Vascular inflammation caused by metabolic, autoimmune, and microbial insults mediates cardiovascular diseases that include hypertension and atherosclerosis (heart attacks, strokes), systemic lupus, and giant cell arteritis. An estimated 35 million Americans have hypercholesterolemia, contributing to 500,000 deaths underlying heart attacks and strokes. In these diseases, metabolic, autoimmune, and microbial insults continually challenge blood and vascular cells by triggering signaling to the nucleus mediated by BCL10. Genetic ablation of BCL10 rescues animals from atherosclerosis, aortic aneurysms, and fatty liver and insulin resistance due to overnutrition. Intracellular therapy with CP-CRADD is designed to extinguish BCL10-mediated noxious signals to avert vascular inflammation and its life-threatening complications including ruptured aneurysms in aorta and brain.
Scientists at Vanderbilt have engineered a cell penetrating (CP) recombinant protein termed CP-CRADD that mimics physiologic protein Caspase and Receptor interacting protein Adaptor with Death Domain (CRADD). Intracellular delivery of CP-CRADD restored endothelial barrier function and suppressed production of inflammatory mediators Interleukin 6 and Monocyte Chemoattractant Protein-1. CP-CRADD counteracts its intracellular target BCL10, the key mediator of proinflammatory signaling responsible for atherosclerosis and aortic aneurysm formation. Intracellular therapy with injectable or slowly released CP-CRADD is designed to counteract BCL10 action and stop the progression of atherosclerosis and the growth of aortic aneurysms that might pop, or rupture, a life-threatening complication with 50% mortality. By counteracting vascular dysfunction due to atherosclerosis and hypertension, CP-CRADD may restore physiologic signaling not only in diseased aorta but also in brain circulation prone to aneurysm development and rupture. Moreover, CP-CRADD may counteract metabolic inflammation and insulin resistance due to high fat diet.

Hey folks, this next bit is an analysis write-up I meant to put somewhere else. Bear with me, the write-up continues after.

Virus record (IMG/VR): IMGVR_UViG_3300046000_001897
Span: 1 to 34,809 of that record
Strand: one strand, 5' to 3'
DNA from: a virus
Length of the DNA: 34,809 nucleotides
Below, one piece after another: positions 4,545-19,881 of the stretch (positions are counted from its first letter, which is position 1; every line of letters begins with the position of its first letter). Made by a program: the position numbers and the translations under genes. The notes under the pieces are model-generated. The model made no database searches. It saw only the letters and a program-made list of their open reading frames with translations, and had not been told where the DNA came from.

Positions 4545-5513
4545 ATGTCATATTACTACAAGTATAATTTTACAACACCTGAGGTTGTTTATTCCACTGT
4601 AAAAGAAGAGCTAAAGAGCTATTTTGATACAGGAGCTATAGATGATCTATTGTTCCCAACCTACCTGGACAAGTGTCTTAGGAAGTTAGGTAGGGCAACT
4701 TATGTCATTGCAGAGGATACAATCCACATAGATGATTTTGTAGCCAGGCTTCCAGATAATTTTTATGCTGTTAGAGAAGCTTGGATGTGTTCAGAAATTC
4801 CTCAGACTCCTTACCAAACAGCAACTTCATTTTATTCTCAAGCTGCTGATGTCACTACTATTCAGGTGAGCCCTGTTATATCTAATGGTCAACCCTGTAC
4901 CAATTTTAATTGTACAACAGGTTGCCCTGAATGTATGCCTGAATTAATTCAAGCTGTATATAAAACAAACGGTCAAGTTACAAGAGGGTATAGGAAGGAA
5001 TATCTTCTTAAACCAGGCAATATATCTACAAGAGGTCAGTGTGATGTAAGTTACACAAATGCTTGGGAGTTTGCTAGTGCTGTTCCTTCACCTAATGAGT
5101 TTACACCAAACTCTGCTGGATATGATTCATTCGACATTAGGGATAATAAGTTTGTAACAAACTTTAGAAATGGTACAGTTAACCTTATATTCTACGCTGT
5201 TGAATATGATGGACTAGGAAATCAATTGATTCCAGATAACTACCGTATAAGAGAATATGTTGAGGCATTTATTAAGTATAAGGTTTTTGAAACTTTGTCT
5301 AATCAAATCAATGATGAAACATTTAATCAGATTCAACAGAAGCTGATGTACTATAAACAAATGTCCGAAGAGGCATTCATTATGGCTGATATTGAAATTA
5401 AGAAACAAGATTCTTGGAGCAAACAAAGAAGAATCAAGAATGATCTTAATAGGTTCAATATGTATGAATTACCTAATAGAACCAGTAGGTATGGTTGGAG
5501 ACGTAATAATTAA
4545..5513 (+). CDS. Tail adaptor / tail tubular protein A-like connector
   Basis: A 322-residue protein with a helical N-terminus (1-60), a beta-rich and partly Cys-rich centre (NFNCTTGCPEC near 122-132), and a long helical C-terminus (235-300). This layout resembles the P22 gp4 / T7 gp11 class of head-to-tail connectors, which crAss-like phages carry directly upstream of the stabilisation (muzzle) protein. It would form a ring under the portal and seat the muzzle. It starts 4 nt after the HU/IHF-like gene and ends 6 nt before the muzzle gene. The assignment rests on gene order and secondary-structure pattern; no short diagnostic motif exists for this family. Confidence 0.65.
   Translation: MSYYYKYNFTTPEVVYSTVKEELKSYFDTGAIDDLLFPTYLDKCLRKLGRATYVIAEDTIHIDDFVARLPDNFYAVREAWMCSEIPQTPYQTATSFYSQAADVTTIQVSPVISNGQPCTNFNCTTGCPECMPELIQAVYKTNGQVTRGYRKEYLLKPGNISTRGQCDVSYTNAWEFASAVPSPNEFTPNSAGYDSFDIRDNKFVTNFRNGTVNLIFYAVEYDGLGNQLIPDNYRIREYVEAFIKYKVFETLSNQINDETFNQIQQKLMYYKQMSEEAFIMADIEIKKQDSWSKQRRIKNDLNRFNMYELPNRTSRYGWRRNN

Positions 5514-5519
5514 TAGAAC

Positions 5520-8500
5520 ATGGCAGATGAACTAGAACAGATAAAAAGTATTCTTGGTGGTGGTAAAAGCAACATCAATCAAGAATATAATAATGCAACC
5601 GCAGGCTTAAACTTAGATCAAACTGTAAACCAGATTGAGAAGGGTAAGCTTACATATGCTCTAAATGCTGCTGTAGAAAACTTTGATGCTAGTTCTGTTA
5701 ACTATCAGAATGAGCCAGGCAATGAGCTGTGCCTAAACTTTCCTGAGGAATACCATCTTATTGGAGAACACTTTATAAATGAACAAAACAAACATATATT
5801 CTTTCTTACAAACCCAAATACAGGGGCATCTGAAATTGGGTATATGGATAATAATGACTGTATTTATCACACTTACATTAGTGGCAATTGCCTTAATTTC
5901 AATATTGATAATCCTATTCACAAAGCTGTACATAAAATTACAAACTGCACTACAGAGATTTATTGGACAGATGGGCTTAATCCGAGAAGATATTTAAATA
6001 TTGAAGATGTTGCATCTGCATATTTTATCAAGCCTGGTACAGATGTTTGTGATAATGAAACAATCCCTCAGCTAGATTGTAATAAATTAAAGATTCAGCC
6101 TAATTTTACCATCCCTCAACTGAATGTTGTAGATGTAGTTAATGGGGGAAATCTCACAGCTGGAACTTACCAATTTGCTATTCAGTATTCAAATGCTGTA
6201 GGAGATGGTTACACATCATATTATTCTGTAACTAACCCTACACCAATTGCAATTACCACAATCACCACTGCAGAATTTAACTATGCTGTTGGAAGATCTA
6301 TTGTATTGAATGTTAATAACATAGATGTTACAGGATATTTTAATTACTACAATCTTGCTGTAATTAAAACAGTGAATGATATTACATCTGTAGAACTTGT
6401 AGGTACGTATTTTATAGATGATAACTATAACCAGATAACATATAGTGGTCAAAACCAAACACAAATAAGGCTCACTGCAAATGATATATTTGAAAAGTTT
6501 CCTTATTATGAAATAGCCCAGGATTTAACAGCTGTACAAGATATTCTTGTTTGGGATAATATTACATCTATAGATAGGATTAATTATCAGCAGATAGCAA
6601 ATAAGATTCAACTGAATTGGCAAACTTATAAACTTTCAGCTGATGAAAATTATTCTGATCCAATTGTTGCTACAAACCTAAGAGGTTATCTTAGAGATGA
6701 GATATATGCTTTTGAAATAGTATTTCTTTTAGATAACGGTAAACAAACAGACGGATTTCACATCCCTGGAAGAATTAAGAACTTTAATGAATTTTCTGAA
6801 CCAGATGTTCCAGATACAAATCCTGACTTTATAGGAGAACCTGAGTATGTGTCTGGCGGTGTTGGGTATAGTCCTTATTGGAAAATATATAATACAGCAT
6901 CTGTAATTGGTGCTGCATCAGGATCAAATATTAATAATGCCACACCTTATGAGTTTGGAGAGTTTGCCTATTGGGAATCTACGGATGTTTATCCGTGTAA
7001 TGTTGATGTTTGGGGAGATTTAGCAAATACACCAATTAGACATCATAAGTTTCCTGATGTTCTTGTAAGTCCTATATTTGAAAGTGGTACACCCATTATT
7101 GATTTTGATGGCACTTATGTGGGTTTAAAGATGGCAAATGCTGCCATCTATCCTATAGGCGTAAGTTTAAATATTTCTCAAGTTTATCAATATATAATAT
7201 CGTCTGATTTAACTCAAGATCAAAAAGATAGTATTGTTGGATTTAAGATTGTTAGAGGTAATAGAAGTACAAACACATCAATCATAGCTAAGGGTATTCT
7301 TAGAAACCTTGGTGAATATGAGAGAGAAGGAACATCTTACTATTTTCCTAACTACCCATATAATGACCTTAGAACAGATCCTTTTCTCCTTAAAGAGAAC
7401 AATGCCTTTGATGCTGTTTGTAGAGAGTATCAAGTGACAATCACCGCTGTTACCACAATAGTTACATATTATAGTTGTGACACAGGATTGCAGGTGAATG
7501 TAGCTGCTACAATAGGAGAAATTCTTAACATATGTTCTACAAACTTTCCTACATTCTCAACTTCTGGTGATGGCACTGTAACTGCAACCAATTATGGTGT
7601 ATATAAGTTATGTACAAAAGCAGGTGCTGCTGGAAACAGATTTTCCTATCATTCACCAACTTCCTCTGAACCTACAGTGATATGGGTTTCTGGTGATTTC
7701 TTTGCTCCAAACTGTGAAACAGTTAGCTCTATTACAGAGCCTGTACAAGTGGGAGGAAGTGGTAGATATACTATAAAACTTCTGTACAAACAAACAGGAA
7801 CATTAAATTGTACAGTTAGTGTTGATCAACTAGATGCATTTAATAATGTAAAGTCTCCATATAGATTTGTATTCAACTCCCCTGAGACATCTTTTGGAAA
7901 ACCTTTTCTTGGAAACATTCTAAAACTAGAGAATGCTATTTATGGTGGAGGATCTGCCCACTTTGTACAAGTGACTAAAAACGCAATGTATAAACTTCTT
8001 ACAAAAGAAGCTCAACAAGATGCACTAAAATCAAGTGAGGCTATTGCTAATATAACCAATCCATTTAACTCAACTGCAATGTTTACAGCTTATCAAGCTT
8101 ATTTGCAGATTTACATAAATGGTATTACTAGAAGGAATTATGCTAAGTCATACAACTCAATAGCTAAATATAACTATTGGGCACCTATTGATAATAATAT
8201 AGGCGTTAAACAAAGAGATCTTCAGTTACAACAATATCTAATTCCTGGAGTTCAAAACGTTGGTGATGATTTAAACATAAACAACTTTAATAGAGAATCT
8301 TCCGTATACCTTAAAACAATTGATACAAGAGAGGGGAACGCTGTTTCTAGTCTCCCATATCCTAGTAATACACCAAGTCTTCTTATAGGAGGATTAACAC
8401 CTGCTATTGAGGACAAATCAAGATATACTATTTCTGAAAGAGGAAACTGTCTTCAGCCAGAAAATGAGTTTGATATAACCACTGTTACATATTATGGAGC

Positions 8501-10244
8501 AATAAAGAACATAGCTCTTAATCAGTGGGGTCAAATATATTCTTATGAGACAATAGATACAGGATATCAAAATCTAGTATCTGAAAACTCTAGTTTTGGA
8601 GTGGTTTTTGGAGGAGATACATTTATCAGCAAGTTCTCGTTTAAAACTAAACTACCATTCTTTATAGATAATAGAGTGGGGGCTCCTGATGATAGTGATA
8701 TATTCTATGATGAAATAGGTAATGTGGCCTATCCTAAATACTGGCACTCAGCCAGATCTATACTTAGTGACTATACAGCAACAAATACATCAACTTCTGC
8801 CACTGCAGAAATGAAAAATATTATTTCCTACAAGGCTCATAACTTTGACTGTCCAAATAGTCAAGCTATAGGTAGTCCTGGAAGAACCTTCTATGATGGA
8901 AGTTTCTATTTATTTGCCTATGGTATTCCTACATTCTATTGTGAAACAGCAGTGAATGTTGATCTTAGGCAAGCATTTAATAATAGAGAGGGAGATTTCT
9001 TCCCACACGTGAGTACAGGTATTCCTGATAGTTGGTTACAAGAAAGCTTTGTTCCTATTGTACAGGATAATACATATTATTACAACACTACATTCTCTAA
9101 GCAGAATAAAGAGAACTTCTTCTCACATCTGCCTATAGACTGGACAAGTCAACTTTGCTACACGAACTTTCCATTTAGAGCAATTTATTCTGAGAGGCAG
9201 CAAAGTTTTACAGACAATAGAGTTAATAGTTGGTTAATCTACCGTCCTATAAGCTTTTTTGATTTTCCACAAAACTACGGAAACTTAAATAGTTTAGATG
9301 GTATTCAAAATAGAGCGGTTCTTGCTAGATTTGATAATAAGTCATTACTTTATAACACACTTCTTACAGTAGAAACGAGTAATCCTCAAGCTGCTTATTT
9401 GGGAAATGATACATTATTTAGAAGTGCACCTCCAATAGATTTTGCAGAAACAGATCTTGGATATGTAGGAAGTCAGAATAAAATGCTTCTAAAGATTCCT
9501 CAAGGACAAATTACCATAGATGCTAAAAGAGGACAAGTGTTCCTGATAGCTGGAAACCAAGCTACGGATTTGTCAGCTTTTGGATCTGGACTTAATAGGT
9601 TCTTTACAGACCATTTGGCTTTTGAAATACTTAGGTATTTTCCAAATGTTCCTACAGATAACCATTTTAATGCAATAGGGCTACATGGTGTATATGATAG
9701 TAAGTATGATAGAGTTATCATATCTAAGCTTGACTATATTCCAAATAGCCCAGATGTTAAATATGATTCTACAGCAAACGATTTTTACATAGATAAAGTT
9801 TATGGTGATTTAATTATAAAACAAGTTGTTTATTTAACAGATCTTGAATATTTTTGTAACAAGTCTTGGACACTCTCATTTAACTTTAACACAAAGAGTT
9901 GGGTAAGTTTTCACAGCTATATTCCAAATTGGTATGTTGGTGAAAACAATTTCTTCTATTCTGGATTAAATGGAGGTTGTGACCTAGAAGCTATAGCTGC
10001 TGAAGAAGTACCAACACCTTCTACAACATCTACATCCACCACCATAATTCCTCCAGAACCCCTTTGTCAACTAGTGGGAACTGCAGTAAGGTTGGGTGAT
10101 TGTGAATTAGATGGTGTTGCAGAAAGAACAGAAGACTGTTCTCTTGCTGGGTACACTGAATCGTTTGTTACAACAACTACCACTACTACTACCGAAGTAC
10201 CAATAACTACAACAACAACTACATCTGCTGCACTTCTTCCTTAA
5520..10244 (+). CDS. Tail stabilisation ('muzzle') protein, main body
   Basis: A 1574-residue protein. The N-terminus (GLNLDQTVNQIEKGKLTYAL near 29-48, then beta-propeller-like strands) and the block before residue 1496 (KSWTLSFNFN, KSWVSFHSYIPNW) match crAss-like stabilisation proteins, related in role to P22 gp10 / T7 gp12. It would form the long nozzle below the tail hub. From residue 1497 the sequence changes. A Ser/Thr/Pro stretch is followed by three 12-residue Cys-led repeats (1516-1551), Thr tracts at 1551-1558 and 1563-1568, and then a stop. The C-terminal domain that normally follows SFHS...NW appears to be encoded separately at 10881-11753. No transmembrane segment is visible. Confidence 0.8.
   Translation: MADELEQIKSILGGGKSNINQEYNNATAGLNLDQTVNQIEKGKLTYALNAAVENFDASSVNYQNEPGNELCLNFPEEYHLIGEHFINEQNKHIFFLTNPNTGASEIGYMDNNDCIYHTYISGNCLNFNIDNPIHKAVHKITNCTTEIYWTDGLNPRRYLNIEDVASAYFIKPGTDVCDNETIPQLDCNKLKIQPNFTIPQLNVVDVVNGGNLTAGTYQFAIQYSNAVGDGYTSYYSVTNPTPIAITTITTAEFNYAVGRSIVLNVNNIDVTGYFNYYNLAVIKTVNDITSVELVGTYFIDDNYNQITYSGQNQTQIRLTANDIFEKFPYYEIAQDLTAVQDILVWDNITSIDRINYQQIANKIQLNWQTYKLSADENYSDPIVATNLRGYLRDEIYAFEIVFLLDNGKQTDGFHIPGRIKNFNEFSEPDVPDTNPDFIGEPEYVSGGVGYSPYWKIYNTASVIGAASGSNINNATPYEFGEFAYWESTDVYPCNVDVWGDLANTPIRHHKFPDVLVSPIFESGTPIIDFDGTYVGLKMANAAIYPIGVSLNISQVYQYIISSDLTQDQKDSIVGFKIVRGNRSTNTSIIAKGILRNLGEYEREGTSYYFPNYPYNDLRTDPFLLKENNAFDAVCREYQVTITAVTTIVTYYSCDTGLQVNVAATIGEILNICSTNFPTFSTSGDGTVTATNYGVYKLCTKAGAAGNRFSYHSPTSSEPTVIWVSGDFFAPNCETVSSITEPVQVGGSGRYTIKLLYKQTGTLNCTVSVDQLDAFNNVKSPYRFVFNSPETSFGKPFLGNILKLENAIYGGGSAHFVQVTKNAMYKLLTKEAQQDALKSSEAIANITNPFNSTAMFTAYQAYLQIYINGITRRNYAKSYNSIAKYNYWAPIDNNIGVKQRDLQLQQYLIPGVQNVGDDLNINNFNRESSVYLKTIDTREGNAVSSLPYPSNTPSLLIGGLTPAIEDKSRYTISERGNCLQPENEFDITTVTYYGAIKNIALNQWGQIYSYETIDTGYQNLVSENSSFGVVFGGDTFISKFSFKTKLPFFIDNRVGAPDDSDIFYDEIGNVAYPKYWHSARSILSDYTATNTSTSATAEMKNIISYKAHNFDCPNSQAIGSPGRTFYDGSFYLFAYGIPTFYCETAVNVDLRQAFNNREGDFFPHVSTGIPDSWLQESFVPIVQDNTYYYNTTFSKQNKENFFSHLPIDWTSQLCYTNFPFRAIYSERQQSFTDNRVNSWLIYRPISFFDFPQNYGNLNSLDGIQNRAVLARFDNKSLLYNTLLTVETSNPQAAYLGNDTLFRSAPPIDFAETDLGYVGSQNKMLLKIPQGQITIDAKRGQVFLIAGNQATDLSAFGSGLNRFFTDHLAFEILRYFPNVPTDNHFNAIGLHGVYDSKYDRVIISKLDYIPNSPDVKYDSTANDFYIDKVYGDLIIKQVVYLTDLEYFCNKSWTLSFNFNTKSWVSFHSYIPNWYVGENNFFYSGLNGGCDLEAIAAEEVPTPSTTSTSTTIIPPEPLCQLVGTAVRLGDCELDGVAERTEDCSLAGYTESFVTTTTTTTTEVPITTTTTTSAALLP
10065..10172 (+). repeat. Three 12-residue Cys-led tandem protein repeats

This recombinant cell-penetrating protein can potentially be applied to treatment of vascular diseases mediated by inflammation, including:
Aortic and Brain Aneurysms
Giant Cell Arteritis complicated by vision loss and stroke
Fatty Liver and Insulin Resistance
Technology Development Status
This therapy has been fully developed and validated.
Intellectual Property Status